NORTH SALT LAKE — Throwing out food no longer means it has to go to waste thanks to a new facility in Utah that converts food waste to clean, renewable energy.
Utah's first and only anaerobic food waste digester opened to the public Thursday for an open house highlighting how the center will turn food waste into renewable energy.
Wasatch Resource Recovery, a public-private partnership between ALPRO Energy & Water and the South Davis Sewer District, will take in about 700 tons of food waste daily. When it expands its operation in the near future, that number will double to about 1,400 tons.
Anaerobic digestion is a biological process in which microbes break down biodegradable material without oxygen.
"The anticipated amount of organic waste diverted to the anaerobic digester each year will equate to taking over 75,000 cars from the highway in carbon emissions," according to a press release from the company.
Other compost facilities in Utah can convert fruit and vegetable scraps into energy, but not much more. Wasatch Resource Recovery is the first in the state that's able to convert food waste into energy on a much larger scale.
"We're able to take the meat and the dairy and the cooked foods and the processed foods, sugary foods and packaged foods," said Morgan Bowerman, the plant's sustainability manager. "We can process all of that food waste here. So we get to do the full plate … at this facility. And there is nothing else like it here in Utah."
The main sources of waste will come from food manufacturing waste, restaurant waste, grocery store waste and grease trap waste. Since it's still a part of waste management, there is a fee for companies to recycle food waste to the plant instead of sending it all to the landfill — but doing so can save businesses a lot of money, Bowerman said.
"If you're a good manufacturer and you've got a lot of food waste, you're gonna save a lot of money by coming here," she said.
Within the year, the facility plans to place bins outside the facility for people to drop off food waste. Bowerman said residential curbside pickup could be an option someday, but would be years in the future if it happens.
Bowerman said 30 percent of landfills are filled with organic waste, which emits greenhouse gasses into the atmosphere. The digester is able to take that organic waste out of landfills, which would help decrease the amount of gas emitted into the atmosphere — something that can help air quality, said Eric Alder, president of Alder construction, the company that built the plant.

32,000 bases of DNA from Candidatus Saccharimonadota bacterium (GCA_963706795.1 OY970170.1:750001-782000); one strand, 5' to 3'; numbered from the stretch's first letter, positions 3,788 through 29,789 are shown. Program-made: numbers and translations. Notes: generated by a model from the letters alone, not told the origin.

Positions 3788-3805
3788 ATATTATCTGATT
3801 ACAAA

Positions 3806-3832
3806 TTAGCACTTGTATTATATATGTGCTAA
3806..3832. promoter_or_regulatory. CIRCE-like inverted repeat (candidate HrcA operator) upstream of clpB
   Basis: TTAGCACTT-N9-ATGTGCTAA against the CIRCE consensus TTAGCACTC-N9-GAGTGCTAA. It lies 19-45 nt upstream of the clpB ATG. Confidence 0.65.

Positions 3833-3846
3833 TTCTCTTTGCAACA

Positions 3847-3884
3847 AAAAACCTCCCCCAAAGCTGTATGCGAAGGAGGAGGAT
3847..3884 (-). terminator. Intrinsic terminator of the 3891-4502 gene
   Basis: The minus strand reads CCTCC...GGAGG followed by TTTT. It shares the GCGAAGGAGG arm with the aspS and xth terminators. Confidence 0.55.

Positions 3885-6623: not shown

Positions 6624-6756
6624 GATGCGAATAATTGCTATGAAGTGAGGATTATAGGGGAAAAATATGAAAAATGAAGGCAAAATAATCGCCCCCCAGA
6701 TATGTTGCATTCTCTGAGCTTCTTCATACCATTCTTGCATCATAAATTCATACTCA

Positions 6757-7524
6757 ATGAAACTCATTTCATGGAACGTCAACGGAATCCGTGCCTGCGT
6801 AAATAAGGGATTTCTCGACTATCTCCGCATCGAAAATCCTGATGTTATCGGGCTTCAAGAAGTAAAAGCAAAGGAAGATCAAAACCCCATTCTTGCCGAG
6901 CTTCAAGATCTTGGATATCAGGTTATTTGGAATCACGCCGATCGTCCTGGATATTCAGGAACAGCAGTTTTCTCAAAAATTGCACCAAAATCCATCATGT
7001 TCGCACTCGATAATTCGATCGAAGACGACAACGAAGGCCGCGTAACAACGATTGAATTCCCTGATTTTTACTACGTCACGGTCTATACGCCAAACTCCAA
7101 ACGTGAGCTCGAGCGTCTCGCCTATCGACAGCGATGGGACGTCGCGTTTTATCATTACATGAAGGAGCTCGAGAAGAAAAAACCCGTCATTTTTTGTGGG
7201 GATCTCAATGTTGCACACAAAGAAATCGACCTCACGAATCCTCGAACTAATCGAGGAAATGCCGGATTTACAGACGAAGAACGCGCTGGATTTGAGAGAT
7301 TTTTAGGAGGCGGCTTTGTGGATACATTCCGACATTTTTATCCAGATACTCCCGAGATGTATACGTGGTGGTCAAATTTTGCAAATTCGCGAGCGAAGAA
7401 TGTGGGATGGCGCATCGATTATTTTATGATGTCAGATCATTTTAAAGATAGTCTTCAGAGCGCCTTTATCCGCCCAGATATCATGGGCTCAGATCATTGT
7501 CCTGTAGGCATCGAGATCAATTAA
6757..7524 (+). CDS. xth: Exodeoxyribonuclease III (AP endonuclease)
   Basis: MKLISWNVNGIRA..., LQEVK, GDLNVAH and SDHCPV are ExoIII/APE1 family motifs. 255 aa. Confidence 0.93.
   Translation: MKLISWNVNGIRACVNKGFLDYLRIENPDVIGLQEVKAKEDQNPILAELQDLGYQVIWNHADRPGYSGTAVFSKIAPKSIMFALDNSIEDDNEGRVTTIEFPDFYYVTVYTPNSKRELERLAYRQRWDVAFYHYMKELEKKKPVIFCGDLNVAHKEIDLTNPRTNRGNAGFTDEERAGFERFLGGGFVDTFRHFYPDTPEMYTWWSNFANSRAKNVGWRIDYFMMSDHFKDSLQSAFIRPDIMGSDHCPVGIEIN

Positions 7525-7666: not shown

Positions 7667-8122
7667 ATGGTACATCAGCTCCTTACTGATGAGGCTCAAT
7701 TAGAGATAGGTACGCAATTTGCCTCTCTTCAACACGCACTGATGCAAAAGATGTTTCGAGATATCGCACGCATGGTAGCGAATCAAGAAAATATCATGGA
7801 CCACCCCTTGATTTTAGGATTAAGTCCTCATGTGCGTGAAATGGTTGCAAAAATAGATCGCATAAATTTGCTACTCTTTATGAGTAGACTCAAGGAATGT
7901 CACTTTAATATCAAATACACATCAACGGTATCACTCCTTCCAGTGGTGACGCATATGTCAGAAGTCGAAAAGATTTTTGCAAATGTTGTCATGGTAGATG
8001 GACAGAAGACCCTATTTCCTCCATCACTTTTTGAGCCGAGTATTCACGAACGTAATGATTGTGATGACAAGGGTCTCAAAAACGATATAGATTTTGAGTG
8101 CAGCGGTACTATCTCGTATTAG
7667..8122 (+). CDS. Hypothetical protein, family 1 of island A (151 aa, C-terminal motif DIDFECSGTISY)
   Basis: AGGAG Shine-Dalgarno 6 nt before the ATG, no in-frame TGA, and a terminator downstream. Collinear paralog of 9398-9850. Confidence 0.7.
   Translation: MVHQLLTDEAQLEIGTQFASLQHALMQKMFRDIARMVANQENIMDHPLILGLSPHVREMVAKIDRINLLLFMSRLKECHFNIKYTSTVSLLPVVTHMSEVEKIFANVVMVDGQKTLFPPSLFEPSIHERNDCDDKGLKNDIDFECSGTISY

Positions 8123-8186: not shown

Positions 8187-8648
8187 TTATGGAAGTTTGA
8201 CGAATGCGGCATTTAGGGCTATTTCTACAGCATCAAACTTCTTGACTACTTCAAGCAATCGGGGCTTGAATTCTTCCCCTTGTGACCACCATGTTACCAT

"As our community continues to grow, the landfills continue to get busier and busier and more and more full," he said. "So this takes all of the organics out of the landfill right now and extends the life of the landfills by many, many years, and that's a big deal for a lot of the communities around here."
The biomethane plant operates like a synthetic animal, Bowerman said. The first step is grinding all the food waste into a slurry, like a mouth does. The mixture then goes into the heated digester where naturally occurring microorganisms break down the food waste. During that process, they put off gas methane that the facility captures. The entire operation takes about two weeks from start to finish.
The methane the plant recovers is the same type of gas that operates most houses — for example, it's what's used to heat up a gas stove, Bowerman said.
The plant will produce enough energy to fuel a town of 40,000 people, roughly the size of Bountiful. The energy won't go to Bountiful though, but rather it will be sold exclusively to BP, at a profit.
There is a byproduct of the digestion process — a nutrient-rich, carbon-based fertilizer, which Bowerman said is "really wonderful." The facility hopes to partner with Utah State University to study the soil and sell it to agriculturalists.
"We've been chasing this for many, many years," Alder said. "It feels very validating … finally to see it like this and finally to have all the public support and all the support of the companies who are going to bring their food waste here, it's wonderful to see."
The $43 million facility, located at 1370 W. Center, will test its machines next week when the first food waste delivery arrives.
More information about the facility is available on its wasatchresourcerecovery.com.